Here’s another interesting chart from a Businessweek article about a food-delivery start-up called Blue Apron. It shows how food costs have decreased dramatically as a percentage of total U.S. consumer spending from 1959-2013.
I’ve seen similar stats before, usually to support the argument that food really isn’t that expensive and people can pay for higher-quality, healthier, more wholesome food. (Often by the people selling it.) Does allocating less than 10% of your budget to food mean that you are choosing to eating crap? Looking at this chart in isolation, I can see how you get there, but it isn’t that simple if you look at the bigger picture.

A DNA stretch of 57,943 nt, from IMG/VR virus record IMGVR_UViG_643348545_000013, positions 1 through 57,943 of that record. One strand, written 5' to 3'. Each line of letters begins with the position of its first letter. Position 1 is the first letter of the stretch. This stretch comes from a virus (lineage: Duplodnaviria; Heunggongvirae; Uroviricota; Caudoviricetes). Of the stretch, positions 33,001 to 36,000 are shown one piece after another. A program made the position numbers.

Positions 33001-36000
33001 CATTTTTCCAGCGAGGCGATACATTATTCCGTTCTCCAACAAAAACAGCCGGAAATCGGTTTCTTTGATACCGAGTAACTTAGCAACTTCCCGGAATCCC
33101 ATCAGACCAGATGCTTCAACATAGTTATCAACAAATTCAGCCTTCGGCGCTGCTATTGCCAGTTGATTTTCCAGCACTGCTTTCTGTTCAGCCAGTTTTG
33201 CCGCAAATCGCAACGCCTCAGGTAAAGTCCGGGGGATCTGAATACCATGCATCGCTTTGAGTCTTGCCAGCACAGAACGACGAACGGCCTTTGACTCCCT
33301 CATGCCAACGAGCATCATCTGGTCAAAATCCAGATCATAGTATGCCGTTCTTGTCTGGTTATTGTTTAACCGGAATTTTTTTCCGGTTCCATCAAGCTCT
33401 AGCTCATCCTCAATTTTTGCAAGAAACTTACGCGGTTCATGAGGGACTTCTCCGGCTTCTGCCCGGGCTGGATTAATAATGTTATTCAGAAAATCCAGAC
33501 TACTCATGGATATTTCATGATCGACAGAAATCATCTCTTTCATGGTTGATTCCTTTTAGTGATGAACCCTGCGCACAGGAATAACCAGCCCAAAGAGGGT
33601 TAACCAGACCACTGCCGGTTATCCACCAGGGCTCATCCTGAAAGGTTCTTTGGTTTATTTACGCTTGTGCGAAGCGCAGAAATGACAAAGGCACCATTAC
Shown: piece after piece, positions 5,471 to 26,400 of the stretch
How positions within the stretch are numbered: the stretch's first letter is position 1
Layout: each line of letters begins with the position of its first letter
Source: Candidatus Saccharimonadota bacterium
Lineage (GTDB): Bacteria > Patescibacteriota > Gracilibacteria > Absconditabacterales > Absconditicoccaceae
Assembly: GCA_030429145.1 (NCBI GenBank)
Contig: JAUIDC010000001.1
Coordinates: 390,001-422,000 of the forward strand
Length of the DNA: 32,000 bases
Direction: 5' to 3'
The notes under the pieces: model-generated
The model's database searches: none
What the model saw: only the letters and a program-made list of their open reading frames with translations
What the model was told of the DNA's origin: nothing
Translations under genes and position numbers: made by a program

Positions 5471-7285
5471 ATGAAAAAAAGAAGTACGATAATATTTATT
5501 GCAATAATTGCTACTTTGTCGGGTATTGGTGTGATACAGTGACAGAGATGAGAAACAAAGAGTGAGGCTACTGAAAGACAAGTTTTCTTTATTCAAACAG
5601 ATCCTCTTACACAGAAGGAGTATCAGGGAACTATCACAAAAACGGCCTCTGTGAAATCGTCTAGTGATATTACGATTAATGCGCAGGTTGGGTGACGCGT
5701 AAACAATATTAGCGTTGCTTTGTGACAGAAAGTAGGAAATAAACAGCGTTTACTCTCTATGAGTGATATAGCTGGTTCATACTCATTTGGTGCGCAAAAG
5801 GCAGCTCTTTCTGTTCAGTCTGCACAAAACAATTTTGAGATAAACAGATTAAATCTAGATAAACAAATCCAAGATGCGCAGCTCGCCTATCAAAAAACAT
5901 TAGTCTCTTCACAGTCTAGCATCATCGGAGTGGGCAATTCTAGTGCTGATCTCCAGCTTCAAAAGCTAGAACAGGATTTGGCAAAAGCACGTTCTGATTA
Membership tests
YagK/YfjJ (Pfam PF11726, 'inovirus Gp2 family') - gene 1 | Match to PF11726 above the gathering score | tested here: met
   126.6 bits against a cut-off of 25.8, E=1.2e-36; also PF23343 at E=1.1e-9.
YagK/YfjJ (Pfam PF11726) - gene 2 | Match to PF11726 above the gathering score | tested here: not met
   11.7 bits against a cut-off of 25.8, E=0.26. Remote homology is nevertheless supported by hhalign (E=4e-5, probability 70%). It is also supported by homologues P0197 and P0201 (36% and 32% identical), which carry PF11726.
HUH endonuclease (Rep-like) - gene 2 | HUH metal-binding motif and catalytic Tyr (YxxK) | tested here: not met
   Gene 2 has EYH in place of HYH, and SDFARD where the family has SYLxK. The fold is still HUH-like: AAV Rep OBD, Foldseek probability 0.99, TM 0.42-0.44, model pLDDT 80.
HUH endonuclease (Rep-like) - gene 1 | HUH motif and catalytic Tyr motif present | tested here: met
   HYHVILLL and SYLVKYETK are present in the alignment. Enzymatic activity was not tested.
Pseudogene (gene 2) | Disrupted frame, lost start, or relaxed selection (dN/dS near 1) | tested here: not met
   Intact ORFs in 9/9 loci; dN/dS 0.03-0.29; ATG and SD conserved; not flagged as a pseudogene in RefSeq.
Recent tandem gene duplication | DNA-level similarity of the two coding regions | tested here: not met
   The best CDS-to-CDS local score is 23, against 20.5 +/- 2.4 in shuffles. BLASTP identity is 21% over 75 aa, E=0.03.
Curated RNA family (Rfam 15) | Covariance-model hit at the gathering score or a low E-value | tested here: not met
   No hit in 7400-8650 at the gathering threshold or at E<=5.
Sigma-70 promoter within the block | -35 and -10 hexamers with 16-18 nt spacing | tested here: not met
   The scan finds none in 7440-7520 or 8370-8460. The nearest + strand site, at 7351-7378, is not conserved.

To begin with, improvements in agricultural practices have made many commodities cheaper now than before. At the same time, it appears that food has been squeezed by other “needs” like shelter, transportation, and healthcare which now take up a much larger portion of our budget. Here is a more complete spending breakdown from this NPR article.
Source: Bureau of Labor Statistics, Lam Thuy Vo / NPR
None of this means that you shouldn’t prioritize food quality. Budgeting is all about priorities. Many people live in houses that are bigger than necessary, drive cars that are newer and fancier than necessary, take vacations to exotic locations that would be unheard of in 1959, and so on. It’s just another example that focusing on one little piece of data can be misleading.